The construction of the Berlin Wall restricted movement of citizens of Berlin. Before its construction, Berlin residents were free to travel within the city. Citizens could work, shop, or live in either East or West Berlin. Train services carried people around the city with no difficulty. After the construction of the wall, movement between East and West Berlin was curtailed. Check points were introduced in Berlin to monitor the movement of Germans in Berlin. The checkpoints were Helmstedt, Dreilinden, and Friedrichstrasse in central Berlin (Harrison 4). It meant that families, lovers, and friends could not freely interact with each other. With the restriction of movement between East and West Germany, it made it impossible for families and friends to assemble. Germans needed visas to travel to either East or West Germany. To make matters worse, soldiers screened people thoroughly before permitting them to enter or leave East Germany as if the people were criminals. Most citizens in East Germany believed that the wall was built specifically to avoid them from defecting to West Germany. Restriction in movements led to many attempts by residents of East Germany to run away to West Germany, although most of these attempts were unsuccessful. Separation of families, due to the construction of the wall, led to unimaginable suffering to members of these families. This desperation motivated people to escape. Such suffering could have been avoided if the wall had not been constructed.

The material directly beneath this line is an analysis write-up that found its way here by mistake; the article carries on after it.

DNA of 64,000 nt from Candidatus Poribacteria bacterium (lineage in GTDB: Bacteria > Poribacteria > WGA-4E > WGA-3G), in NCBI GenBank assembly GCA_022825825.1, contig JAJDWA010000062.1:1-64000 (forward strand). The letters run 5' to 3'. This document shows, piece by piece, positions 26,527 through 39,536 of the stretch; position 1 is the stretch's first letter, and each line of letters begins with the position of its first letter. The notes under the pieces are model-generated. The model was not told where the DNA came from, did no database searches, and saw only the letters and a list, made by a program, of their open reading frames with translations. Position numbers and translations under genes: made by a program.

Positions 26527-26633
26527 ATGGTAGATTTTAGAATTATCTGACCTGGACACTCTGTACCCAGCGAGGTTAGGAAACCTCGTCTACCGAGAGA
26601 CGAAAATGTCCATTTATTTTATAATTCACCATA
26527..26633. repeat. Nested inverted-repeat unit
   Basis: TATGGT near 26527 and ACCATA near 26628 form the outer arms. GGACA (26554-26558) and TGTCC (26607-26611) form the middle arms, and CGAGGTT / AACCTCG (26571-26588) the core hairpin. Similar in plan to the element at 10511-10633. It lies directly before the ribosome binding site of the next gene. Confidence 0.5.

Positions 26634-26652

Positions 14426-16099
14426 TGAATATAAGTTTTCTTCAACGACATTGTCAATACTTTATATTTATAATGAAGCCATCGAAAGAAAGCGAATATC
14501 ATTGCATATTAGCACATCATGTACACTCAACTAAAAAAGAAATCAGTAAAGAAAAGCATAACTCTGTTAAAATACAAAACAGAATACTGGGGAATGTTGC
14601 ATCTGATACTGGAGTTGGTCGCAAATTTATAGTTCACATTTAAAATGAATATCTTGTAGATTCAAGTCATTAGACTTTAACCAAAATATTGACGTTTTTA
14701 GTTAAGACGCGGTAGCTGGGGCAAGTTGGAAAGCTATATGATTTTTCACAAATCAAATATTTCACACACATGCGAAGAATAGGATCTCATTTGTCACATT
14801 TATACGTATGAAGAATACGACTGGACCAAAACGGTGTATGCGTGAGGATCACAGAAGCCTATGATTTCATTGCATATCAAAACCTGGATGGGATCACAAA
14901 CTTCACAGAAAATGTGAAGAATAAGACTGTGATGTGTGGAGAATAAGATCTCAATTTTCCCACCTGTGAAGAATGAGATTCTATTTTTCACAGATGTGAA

Additionally, the Berlin Wall was interference in the development of East Germany. The flow of better ideas from the West to East Germany was curtailed by the Berlin Wall. Adoption of communism in East Germany compelled many professors and students to migrate to West Germany. Although the wall reduced the loss of professionals from East Germany, the industrial growth in the East was immobile due to lower technological advancements when compared to West Germany (Ross 28). Even today, states in the former West are richer than states in the East. Western states have a high level of wealth that is more than double that of states in the former East. Unemployment is now more widespread in the East than the West. If Germany recovered from World War II as a united country, such inconsistencies would not have occurred.